With respect to the figures and with specific reference to FIG. 1, the following describes a personal alert safety system that may be used as a manually activated personal alert safety system alarm in accordance with NFPA/OSHA regulations, or as an automatically activated personal alert safety system when the firefighter turns his air breathing supply on. FIG. 1 illustrates a hand 8 of a firefighter simply inserting the duo-personal alert safety system 10 into it's mating receptacle holder 12. The mating receptacle holder is shown securely attached to a casing or solenoid housing 14. The solenoid housing 14 is securely attached to the firefighter's belt 16. Of course, it is contemplated that the duo-personal alert safety system 10 can be fixed, attached or connected to nearly any secure part of the personnel. However, the preferred embodiment utilizes pneumatic means and, thus, is shown connected to the belt 16.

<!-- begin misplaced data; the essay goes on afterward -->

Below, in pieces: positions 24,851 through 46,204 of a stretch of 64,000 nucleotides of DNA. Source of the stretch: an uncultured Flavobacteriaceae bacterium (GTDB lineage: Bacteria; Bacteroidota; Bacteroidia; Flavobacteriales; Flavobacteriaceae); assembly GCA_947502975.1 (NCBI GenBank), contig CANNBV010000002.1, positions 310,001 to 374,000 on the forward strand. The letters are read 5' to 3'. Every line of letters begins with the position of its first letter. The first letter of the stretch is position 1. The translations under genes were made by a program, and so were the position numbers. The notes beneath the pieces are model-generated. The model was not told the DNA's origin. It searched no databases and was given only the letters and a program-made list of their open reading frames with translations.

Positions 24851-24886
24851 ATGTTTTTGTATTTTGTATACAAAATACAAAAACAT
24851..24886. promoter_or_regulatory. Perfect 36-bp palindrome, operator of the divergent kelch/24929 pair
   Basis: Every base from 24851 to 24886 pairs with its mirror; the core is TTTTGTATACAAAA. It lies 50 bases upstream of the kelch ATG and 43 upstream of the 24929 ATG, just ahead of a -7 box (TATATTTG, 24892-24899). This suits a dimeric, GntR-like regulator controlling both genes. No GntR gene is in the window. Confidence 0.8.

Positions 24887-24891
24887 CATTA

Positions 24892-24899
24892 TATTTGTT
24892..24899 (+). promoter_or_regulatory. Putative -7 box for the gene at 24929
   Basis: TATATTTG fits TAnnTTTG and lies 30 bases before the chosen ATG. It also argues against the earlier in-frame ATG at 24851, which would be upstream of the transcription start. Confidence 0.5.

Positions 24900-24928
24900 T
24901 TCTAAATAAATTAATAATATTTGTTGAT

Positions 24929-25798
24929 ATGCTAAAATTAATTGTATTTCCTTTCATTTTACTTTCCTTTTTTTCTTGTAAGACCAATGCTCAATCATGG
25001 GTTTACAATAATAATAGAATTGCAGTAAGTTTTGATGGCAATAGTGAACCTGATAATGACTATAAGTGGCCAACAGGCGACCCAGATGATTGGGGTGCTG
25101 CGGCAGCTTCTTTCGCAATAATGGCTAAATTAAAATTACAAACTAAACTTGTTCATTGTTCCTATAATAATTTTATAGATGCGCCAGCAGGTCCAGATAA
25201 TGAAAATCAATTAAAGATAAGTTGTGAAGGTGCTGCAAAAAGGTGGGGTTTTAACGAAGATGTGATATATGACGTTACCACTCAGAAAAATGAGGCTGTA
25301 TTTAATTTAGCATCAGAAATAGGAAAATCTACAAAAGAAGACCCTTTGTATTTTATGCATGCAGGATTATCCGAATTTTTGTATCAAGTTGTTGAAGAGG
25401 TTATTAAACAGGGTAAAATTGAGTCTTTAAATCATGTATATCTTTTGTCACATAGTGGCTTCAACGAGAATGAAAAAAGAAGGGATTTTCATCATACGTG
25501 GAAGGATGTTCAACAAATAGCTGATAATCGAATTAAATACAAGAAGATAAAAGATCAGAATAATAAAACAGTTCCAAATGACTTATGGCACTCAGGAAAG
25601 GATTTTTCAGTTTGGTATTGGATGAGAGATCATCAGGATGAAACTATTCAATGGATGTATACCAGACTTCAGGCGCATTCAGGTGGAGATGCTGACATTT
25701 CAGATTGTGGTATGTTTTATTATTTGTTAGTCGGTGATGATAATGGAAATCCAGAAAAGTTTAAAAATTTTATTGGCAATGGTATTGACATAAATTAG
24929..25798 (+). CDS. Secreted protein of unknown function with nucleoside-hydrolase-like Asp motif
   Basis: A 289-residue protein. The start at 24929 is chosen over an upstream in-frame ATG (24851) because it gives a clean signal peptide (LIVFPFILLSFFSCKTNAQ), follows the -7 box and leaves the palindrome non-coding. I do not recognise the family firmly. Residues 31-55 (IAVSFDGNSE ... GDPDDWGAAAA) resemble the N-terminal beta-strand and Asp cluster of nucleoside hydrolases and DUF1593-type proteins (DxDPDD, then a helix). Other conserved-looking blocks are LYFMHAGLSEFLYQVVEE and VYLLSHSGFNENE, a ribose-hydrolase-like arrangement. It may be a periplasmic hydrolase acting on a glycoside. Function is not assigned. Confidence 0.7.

Referring to FIG. 2, when inserted in the holder 12, the duo-personal alert safety system 10 is controlled through the solenoid housing 14 which is controlled by the firefighter's air supply by way of an air hose 20. Of course, in this preferred embodiment, the air hose 20 is connected to the air supply which is not shown. Accordingly, when the air supply is turned on (pressurized), the duo-personal alert safety system 10 is activated. Since the duo-personal alert safety system 10 is now controlled by the pressurized air hose 20 and it's air supply, the system 10 cannot be manually turned off. This safety feature insures that the firefighter will always have protection offered by the duo-personal alert safety system 10 as soon as his air supply is turned on. In other words, if the firefighter forgets to manually switch on the duo-personal alert safety system 10 by way of the on/off buttons, 22, as soon as the air supply is pressurized, the duo-personal alert safety system 10 switches on and cannot be switched off until the air system is turned off or depleted.